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Stations in Turnaround

Apr 21, 2003  •  Post A Comment

Everyone looks to a market’s leading station for ideas on succeeding in news. But the one to watch may be the last-place station that is slowly but steadily working its way up.
Several perennially poor-performing television stations around the country are in the process of turning their operations around. Starting with a basic plan that will take years to achieve, these stations are investing in new equipment and extra personnel. Some are further along, with the bulk of the work completed, while others have just begun the laborious process of getting back on track.
The process requires lots of money-and lots of patience. But as these stations are proving, it is possible to salvage even the worst-case situations.
Here are four stations that are in varying degrees of repair.
WBBM: From Stem to Stern
WBBM-TV, the CBS owned-and-operated station in Chicago, used to brand itself as the “Problem Solver.” But when Joe Ahern joined the station as general manager last August, he put the kibosh on that slogan and others.
“Why call yourselves a problem solver when the station has a bunch of problems itself?” he said.
Mr. Ahern assumed the Herculean task of turning around WBBM, one of the most troubled stations in the country. Once a top-rated news powerhouse, the station has been mired in last place-not third, but usually fifth behind the ABC, NBC, Fox and WB stations in the nation’s third-largest market-since the mid-1980s.
Mr. Ahern’s first order of business was to fix the signal. The antenna, located on the John Hancock Building in Chicago, began suffering from transmission problems when the Sears Tower was erected, disrupting some of the signal from the shorter Hancock Building. The signal was so distorted in many areas that people stopped watching CBS, he said.
WBBM replaced the troubled old antenna in December with a new circular polarized antenna that’s 146 feet higher. Mr. Ahern said the new antenna cost between $1 million and $10 million but would not be more specific.
The next step was a massive personnel overhaul. Shortly after joining WBBM, Mr. Ahern began raiding his competitors in the market. He has pilfered behind-the-scenes and on-air talent from most of the stations in town, including Station Manager Fran Preston from ABC O&O WLS-TV, News Director Carol Fowler from Tribune Broadcasting-owned WB affiliate WGN-TV and weather anchor Ed Curran from NBC O&O WMAQ-TV.
In all, about 20 players from the two top-ranked stations in the market-WMAQ and WLS-have jumped ship to join WBBM, Mr. Ahern said.
WBBM’s changes leave no area of the station untouched. News has been added, a local programming department was created and sets have been refurbished. WBBM also plans to build a new facility to open in 2006, he said.
The mandate came from the Viacom Television Stations Group, which is backing this multimillion-dollar effort to reverse the station’s ratings fortune. The payoff certainly hasn’t come yet-Mr. Ahern knows WBBM has a long way to go-but the station has seen small ratings increases during the past several months.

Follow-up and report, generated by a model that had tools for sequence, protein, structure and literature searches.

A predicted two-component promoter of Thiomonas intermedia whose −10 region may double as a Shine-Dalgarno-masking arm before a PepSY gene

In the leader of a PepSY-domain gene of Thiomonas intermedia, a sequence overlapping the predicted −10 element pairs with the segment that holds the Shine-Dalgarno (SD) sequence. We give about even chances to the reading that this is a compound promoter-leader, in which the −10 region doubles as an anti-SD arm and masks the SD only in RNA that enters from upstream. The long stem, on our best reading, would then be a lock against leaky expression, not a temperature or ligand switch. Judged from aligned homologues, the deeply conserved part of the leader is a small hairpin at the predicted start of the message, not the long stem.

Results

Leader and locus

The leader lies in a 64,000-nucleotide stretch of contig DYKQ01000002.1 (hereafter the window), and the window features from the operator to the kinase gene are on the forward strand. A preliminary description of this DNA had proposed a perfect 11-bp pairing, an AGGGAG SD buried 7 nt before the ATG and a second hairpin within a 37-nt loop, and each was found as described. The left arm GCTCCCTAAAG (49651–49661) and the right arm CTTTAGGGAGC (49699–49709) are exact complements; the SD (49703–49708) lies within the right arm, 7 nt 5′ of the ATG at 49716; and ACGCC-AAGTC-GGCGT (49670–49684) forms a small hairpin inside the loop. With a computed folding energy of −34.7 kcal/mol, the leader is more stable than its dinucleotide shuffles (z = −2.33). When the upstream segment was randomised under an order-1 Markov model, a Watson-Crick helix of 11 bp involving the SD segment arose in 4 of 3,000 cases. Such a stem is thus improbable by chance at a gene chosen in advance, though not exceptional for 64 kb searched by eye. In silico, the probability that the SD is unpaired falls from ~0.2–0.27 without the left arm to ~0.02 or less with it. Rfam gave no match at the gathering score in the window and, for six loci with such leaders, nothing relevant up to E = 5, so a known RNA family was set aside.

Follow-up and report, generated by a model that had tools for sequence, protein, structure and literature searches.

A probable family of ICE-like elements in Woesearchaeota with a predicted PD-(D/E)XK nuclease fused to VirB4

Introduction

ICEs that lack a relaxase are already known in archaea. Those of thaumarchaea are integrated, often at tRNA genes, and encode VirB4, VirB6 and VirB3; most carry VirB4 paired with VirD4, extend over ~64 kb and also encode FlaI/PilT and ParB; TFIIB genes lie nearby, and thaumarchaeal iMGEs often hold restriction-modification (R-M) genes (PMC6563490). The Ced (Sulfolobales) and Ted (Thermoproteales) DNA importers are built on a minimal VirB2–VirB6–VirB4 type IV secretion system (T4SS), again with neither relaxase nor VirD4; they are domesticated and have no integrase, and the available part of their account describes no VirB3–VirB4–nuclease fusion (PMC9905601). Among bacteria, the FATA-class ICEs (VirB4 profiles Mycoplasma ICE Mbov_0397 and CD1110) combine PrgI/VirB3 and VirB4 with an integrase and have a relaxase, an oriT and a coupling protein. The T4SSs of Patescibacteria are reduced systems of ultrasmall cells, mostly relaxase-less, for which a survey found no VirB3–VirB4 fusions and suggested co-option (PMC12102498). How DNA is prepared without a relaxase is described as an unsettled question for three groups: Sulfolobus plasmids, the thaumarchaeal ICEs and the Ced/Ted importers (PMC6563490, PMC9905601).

The late local news averaged a 5.8 rating (percentage of TV households) and 9 share (percentage of sets in use) in February, up from November 2002 and February 2002, which both saw a 5.3/8. The morning news ratings are still small, but the 5 a.m. hour is up 29 percent over last year and the 6 a.m. hour is up 38 percent.
A caveat: Despite CBS’s strengthened prime-time lineup, WBBM’s lead-in retention is about the same as it was a year ago at 78 percent.
KPIX: Hard News, More Trucks
KPIX-TV in San Francisco might be the poster child for the Viacom Television Stations Group’s revitalization project. Like many CBS O&Os, KPIX was mired in last place during much of the 1990s. During that period, the station witnessed a talent exodus and underwent a number of management changes.
But with a hearty inflow of capital and news insight during the past few years, the station has at last become a player in the country’s fifth-largest market. In February KPIX won the 11 p.m. news crown for the first time in 12 years. The station was up 63 percent at 11 p.m. with a 5.4/13 compared with a third-place 3.3/7 in 2002. The 5 p.m. and 6:30 p.m. newscasts have also seen growth.
To turn itself around, the station hired News Director Dan Rosenheim nearly three years ago. He immediately began expanding the station’s news presence. Among other things, KPIX added news-on-the-hour updates from 10 a.m. to 8 p.m.
“The goal was to say to the marketplace, `We are in the news business 24 hours a day,’ and to say to the news department, `We are in the news business 24 hours a day,”’ Mr. Rosenheim said.
The station added a 4:30 p.m. newscast in 2001 and a 5:30 p.m. newscast on weekends in 2002. This past January, it expanded with 2.5 hours of news on weekend mornings. The station has backed up its news time expansion by adding about a dozen journalists, increasing its news ranks by about 10 percent over the past three years.
The news philosophy has become more hard-news-oriented, with more enterprise and in-depth stories, Mr. Rosenheim said.
The station has deepened its relationship with the local CBS radio station and just inked a deal to share resources with the San Francisco Chronicle starting May 18, said Ron Longinotti, VP and general manager of KPIX.